With this mind, I thought it might be interesting to do a bunch of 20 miler back to back. In other words, I planning to do 6 x 20 miles over 6 days. That's right, I said that I was planning to do 6 x 20 miles over 6 days. That's a lot of running even for me.

I am interested to see how my body handles it. I am hoping that nothing breaks or breaks down. It will be more mileage than I have done during single 7 day training period.

Look for my reports to pop up here in the next few days
The Cool Down Runner

Sunday, May 17, 2020

Keeping the feel for speed

With each passing day, I feel like I am always loosing steps - always. My leg turnover will never be what it was from even a few years ago. I hate it but I have to accept that this is a part of every runner's life.

Still, I want to do things to slow this process. However, having this Covid moratorium on races is not helping me. I am not going through my normally yearly training progression.

To at least feel like I a doing something meaningful, I have modified my weekly training routine. Three days week usually separated by a day, I have been ending my runs with a fast finish. This is a concept that I used for many years in my marathon training. I brought in to my daily runs because this gives me an opportunity to run hard without putting a lot thought in to it or overly stressful workout on my body. Usually on M, W, & Friday, I will do this fast finish over either the last 1, 2, or 3 miles. I find that I feel fluid and strong upon finishing, and I walk away from the workout feeling really positive about it. I don't exactly what other than running fast has always made me feel better.

Until races start to materialize over the horizon try doing a fast finish in your shorter workouts. I don't know that this will make me super fast. It likely never will but this will give me an easier transition back in to speed work once I have target set of races. Success comes out preparation. Preparation is the work being done now. 

Thoughts to ponder.

The Cool Down Runner

Saturday, May 16, 2020

Lake Norman State Park Marathon

Last Sunday, I was down at Crowders Mt for some miles. This week, I headed north to Lake Norman State Park for some miles. With the NC state parks reopening, I felt the time was right to venture out to other trails.

Lake Norman State Park has 30+ miles in its Itusi tail system. Probably more than most people realize. With it only being about 30 minutes from Charlotte, the drive is pretty easy and quick one.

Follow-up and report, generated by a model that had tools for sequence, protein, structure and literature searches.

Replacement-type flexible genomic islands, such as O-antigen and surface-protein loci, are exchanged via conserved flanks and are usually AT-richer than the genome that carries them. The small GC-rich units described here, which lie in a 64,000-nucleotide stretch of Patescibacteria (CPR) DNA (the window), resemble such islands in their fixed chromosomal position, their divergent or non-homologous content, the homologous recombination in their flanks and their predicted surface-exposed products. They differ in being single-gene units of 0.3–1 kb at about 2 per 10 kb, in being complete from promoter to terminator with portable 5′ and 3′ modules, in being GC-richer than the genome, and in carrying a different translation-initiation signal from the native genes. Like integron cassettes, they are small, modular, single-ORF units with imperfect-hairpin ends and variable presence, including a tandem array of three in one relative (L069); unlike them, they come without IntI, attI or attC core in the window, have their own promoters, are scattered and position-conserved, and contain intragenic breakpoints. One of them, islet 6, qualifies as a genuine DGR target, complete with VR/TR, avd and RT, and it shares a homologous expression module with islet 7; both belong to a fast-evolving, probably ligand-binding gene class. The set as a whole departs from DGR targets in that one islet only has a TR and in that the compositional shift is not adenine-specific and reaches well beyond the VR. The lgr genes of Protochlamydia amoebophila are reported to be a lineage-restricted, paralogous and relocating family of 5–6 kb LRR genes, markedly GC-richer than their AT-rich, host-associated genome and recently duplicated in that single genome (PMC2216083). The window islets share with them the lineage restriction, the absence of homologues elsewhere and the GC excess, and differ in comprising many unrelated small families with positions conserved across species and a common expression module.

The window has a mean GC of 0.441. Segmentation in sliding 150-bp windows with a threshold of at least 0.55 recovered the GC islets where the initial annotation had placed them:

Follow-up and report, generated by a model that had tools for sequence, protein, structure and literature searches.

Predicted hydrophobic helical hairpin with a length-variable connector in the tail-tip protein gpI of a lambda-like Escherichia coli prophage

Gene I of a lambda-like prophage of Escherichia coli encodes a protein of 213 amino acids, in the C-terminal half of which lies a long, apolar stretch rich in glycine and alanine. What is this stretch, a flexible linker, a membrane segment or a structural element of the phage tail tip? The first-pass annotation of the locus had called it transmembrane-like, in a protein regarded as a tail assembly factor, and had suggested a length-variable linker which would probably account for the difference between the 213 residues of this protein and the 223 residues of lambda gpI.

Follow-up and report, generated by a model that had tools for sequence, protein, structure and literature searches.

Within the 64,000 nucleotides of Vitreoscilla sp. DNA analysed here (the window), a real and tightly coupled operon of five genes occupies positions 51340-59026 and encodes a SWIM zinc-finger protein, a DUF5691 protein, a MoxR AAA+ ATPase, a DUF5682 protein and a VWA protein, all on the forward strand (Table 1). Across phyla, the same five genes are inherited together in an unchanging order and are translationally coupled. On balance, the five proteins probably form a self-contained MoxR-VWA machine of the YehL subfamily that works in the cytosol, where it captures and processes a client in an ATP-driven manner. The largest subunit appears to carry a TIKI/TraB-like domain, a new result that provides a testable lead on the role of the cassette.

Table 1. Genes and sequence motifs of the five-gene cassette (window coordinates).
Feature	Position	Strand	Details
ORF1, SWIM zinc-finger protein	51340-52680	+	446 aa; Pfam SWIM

Something else pulling me back, I did some running here several years ago, so I decided to head back and recreate this run.

Before heading out, I was loading up my CamelBak with water. As I was filling it, the thought crossed my mind that it was going to be hot today. I decided to fill it completely to the top. This adds a little more weight but having a sip of water when I am hot and tired never gets old.

I headed out from the Lake Shore Trail head running along the edge of the run until I picked up the Laurel Loop which runs roughly 10 miles. The Laurel trail is a bit on the technical side with tight meandering switchbacks. They squeezed a lot miles in to a small amount of space.

Off of the Laurel Loop, I picked up the Wildlife, Fox, and the Fallstown loops. Interestingly, these are easier trails than the Laurel trail. What makes this interesting, they have no way to reach these trails other than running the Laurel Loop. Unless one rides around on the road and there is no parking at the small entrance to these trails.

Probably my favorite was the Wildlife trail which is about 4.5 miles long. Tons of soft dirt and pine needles cushioned each step. I could run it every day.

Coming off the Wildlife loop, I glanced at my Garmin. I was going to be about 10k short of a marathon. I was tired but otherwise, I was feeling pretty well. The weather was much warmer than last weekend but not over the top hot. Today was a good day to be on the trails. This is the moment when I made the decision to push on and hit the marathon distance today. Then, the wheels started turning in my head. Where I could pick up the additional mileage. The Monbo loop checked my box. This trail runs roughly a 10k distance and is rated easy. This is perfect for my needs. Plus, I have never run the Monbo loop which makes it something new to check out. I always love checking out a new trail.

Monbo ran really well. Although, I marked it less than the advertised 10k distance.
Then, I popped out for the final 2.2 miles back to my car. With one loop of the parking lot, my Garmin flashed up 26.2 miles in 5 hours and 14 minutes.

I was glad that I loaded up my CamelBak afterall. I drank the last of it with a half mile left in my run.